Question: How was the frequency response graph interpreted in @cfastie blogpost, and how the computation of the NDVI was derived?

manueldun asked on October 04, 2018 14:10
47 | 1 answers | #17220

@cfastie made a blog post that intereses me as I need to measure NDVI with micro controllers.

The questions that a need to understand are:

  • How to interpret frequency response graphs?
  • How did you come up with the computation of the NDVI this code? (code bellow)

tsl1.getLuminosity (&broadband1, &infrareda); infrared1 = infrareda*1.5; float vis1 = broadband1-infrareda; NDVI1 = (infrared1 - vis1) / (infrared1 + vis1);

  • I could just use this code but i want to be sure I Know what I am doing, Thanks.


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1 Answers

Are you referring to this research note?

Are you referring to this figure as "frequency response graphs"?
Above: The spectral response of the TSL2561 sensor. Channel 1 is mostly near infrared and channel 0 is the full range, but if you subtract 1 from 0 you can get a mostly visible light result.

Are you referring to the Arduino sketch that was linked in the above research note?

Making some assumptions about your questions, here are my responses.

The TSL2561 sensor produces two signals. One is an indication of brightness dominated by visible light (but including a lot of NIR) and the other is an indication of brightness dominated by NIR (but including some visible). To compute NDVI, values for the intensity of both visible and NIR light are required. Using the TSL2561 sensor to compute NDVI has a few serious drawbacks.

  1. Neither signal from the TSL2561 is what you need because both are contaminated with the other signal.
  2. The NIR sensitivity of the TSL2561 is less than half of its sensitivity to visible light.
  3. The response of the TSL2561 to light is not linear (when one signal is five times greater than another, that does not mean the light was five times brighter).
  4. NDVI is typically computed using the brightness of red light, not all visible light.


  1. There is not much you can do about this, but by subtracting the NIR signal (channel 1) from the other signal (channel 2) you can get a value that might be a better estimate of the brightness of visible light.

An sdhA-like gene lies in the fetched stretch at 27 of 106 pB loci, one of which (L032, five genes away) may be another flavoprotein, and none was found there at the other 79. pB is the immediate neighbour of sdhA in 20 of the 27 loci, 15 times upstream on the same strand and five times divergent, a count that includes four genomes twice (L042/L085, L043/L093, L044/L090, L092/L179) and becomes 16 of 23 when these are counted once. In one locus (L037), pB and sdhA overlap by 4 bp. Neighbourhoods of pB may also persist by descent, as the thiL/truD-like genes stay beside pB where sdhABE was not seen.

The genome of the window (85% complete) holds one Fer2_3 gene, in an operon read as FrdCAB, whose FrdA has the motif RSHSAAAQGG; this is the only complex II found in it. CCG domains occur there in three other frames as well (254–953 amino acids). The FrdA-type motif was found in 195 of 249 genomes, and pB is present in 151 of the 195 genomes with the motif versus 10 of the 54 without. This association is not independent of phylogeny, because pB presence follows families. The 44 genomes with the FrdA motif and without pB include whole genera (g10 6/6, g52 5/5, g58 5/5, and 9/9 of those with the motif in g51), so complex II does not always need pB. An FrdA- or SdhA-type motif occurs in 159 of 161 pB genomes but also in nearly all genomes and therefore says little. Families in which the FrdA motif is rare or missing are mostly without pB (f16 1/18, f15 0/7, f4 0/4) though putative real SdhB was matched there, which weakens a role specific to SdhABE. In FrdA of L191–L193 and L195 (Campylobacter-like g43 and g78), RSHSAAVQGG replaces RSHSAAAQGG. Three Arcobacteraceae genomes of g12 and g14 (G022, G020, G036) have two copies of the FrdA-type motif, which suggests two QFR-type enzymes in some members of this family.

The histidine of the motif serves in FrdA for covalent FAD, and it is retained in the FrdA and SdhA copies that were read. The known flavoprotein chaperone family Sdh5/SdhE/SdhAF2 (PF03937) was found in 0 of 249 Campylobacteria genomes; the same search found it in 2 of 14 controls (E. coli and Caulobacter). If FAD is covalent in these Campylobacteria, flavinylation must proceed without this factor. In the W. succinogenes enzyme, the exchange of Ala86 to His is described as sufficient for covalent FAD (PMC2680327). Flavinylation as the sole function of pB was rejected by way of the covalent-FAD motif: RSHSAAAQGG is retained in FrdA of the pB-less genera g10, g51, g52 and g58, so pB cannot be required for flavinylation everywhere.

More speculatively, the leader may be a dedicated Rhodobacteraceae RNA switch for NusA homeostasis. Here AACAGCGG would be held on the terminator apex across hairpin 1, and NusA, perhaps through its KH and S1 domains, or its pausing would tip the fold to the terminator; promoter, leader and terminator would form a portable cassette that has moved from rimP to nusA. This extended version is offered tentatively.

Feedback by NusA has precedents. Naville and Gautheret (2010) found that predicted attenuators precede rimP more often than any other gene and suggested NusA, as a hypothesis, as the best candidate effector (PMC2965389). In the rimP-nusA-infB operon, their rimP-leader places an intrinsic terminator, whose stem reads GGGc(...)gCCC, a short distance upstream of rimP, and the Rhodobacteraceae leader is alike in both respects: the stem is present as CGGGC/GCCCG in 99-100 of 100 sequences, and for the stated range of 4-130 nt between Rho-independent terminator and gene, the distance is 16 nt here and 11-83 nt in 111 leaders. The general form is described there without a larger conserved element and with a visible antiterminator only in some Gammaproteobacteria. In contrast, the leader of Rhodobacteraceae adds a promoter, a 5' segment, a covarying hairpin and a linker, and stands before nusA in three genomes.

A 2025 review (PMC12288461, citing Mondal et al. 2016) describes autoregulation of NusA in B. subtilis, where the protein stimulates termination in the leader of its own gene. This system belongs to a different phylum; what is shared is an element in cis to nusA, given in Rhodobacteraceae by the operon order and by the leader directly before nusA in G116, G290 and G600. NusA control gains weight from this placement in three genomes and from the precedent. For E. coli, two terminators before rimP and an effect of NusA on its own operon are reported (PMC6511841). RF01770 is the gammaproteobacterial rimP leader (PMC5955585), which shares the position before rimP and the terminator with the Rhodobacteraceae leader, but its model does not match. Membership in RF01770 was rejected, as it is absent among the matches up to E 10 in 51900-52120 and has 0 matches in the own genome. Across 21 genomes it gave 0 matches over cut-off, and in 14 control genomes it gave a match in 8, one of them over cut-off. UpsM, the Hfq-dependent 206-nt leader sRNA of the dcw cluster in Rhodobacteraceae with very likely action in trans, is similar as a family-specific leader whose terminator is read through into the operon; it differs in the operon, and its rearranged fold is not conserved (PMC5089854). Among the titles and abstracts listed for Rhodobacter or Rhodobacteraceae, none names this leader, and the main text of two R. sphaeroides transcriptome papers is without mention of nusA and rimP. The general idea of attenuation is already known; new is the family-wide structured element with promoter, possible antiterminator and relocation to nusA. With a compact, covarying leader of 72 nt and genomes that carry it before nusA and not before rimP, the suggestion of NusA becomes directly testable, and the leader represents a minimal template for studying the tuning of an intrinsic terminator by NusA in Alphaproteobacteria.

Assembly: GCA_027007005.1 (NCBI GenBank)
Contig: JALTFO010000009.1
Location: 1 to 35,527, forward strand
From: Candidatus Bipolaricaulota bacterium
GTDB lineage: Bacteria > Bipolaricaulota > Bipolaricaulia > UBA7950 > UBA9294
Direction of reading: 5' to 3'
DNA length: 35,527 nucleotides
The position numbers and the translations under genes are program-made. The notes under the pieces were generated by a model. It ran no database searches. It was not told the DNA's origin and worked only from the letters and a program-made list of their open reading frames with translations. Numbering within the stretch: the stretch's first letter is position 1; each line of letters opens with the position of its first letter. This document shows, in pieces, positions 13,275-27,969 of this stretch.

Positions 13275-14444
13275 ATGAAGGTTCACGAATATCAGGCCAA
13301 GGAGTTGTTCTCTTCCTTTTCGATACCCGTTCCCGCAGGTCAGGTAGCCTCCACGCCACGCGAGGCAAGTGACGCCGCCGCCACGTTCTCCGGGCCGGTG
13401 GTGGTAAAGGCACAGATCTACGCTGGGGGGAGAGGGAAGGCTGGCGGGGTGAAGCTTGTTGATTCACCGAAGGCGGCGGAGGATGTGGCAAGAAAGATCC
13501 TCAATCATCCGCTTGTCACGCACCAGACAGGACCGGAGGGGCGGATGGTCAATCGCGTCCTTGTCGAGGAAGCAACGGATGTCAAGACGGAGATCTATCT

2. If you know how much the NIR signal (channel 1) is under-measuring NIR light, you can use brute force to increase that signal. The code you included multiplies the NIR signal by 1.5. This is somewhat arbitrary and will produce artifacts (useless NDVI values) under some conditions.
  3. The Arduino library I used corrects the nonlinearity of the TSL2561 signal for visible light. It does not correct for the nonlinearity in the NIR signal. So the values in the NIR signal (channel 1) will be too big or too small at either or both the low or high ends of its range. You might be able to find a library that corrects for the nonlinearity of channel 1.
  4. A filter like Wratten 25 which blocks all blue and green light but passes all red and NIR light could be placed in front of the TSL2561 sensor.

It might work better to use two TSL2561 sensors. Use one with a narrow band red filter to get a measure of red light brightness from channel 2. Use the other with a narrow band NIR-only filter like Wratten 87 to get a measure of NIR brightness from channel 1. You would still want to inflate the NIR signal to compensate for the lower sensitivity to NIR. And this does not solve the nonlinearity problem.

It might be better to find other sensors which don't have the problems of the TSL2561.


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